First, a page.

Bob's father


Material Information

Bob's father
Series Title:
Firelight stories
Physical Description:
1 v. (unpaged) : ill. ; 18 cm.
Putnam, Eleanor, 1856-1886
D. Lothrop & Company ( Publisher )
D. Lothrop and Company
Place of Publication:
Publication Date:


Subjects / Keywords:
Children -- Conduct of life -- Juvenile fiction   ( lcsh )
Conduct of life -- Juvenile fiction   ( lcsh )
Children's stories   ( lcsh )
Children's stories -- 1882   ( lcsh )
Publishers' advertisements -- 1882   ( rbgenr )
Bldn -- 1882
Children's stories   ( lcsh )
Publishers' advertisements   ( rbgenr )
novel   ( marcgt )
Spatial Coverage:
United States -- Massachusetts -- Boston


Statement of Responsibility:
by Elanor Putnam and other stories by famous authors ; illustrated.
General Note:
Publisher's advertisements follow text.
Preservation and Access for American and British Children's Literature, 1870-1889 (NEH PA-50860-00).

Record Information

Source Institution:
University of Florida
Holding Location:
Baldwin Library of Historical Children's Literature in the Department of Special Collections and Area Studies, George A. Smathers Libraries, University of Florida
Rights Management:
All rights reserved, Board of Trustees of the University of Florida.
Resource Identifier:
aleph - 002236356
notis - ALH6827
oclc - 52416722
System ID:

Full Text
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And other stories by famous authors







Y OU may remember him. I don't mean the
father, but Bob. Bob Richards, a fellow that
we broke in" in a queer way one Christmas down
at our school. I wrote it all out like a story, and my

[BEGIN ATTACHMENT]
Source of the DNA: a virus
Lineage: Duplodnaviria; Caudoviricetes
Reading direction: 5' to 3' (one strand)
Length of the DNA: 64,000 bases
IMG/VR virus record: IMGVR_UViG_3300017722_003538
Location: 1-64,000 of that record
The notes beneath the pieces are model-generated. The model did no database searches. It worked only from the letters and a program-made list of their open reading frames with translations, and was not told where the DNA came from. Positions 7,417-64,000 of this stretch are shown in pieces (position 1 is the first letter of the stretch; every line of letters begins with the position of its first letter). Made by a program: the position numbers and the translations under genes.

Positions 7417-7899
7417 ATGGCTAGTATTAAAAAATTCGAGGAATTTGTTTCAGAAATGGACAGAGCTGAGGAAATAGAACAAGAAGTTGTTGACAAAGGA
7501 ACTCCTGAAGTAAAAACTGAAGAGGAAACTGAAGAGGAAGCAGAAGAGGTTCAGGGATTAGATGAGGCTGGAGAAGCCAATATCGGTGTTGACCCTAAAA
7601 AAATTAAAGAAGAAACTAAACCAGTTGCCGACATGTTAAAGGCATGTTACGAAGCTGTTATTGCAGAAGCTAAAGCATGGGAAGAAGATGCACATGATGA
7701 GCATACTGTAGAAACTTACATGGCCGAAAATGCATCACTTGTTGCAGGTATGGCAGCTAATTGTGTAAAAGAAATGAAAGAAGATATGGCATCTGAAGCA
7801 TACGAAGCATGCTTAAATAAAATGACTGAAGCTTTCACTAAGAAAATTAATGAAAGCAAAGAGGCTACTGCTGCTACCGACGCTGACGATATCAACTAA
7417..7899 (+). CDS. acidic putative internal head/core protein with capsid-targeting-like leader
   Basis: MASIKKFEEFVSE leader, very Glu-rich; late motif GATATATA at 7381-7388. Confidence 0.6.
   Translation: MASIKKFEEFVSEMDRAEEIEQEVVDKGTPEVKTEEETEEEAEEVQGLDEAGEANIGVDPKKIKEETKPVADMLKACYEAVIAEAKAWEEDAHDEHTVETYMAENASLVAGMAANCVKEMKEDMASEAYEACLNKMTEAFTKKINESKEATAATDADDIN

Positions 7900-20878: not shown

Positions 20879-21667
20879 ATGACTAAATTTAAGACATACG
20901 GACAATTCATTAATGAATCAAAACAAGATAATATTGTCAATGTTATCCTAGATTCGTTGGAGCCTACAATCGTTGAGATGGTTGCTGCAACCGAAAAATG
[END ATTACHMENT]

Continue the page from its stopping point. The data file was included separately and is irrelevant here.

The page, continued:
sister Nell copied it for me (for how can a fellow
write when he's lying flat on his back with a broken
leg?) and then I sent it to the publisher- not
that I ever supposed I should have it taken. When
Will (that's my brother, a little fellow two years and
three months younger than I am) came home for
spring recess, I was just well off my smashed leg,
and I was going back to school when Will went. I
told him about the story. He didn't like it very well,
because he never likes to have me do anything that
he can't do.
"Ho!" says Will in a hateful kind of way he has


sometimes, "I bet they won't take it! you write a
story! ho! big writer you are! you've given your-
self dead away, that's all you've done !"
I didn't say anything to Will then, because, you
see, I rather thought he was right about it; but the
very week after we went back to school I got a letter
saying that they were going to print my story. Then
a good while after that the magazine came one day,
and there, sure enough, was my story in black and
white. As soon as I saw it I went after Will to
show it to him. He was in the woodshed mending
his base ball. "My story has come at last Will!"
said I.
"In your mind !" said Will, sort of huffy.
"No, honest Injun," said I.
SI held up the book, but. for a few minutes ,Will
never looked up, but just sat there jerking the needle
through his ball and giving a kind of whistle every
time it came through, as if all he cared for was to get
his old ball mended. You see he was sort of jealous
about my writing a story; but in just a minute he
looked up with a red face.
"Well," says he, "that's the boss, isn't it, Tom ?


Let's look at the pictures. Come on, let's go and
show it to the fellows."
Then he jumped up and put his arm across my
shoulders, and was all over his huff in no time. And
that night while we were undressing he says, Tom,"
says he, that was the boss story, but I never knew
before that real people wrote 'em."
"Real people wrote what? said I.
"Stories and such things," said he.
"Who did you think wrote 'em ? said I.
"Oh, I don't know," said Will; "only I never
thought it was just common people like you." Pretty
soon he said, with his mouth full of tooth-brush,
"Why don't you write about Richard's father ? That
would make a bang-up one!"
"Nobody would believe it," said I.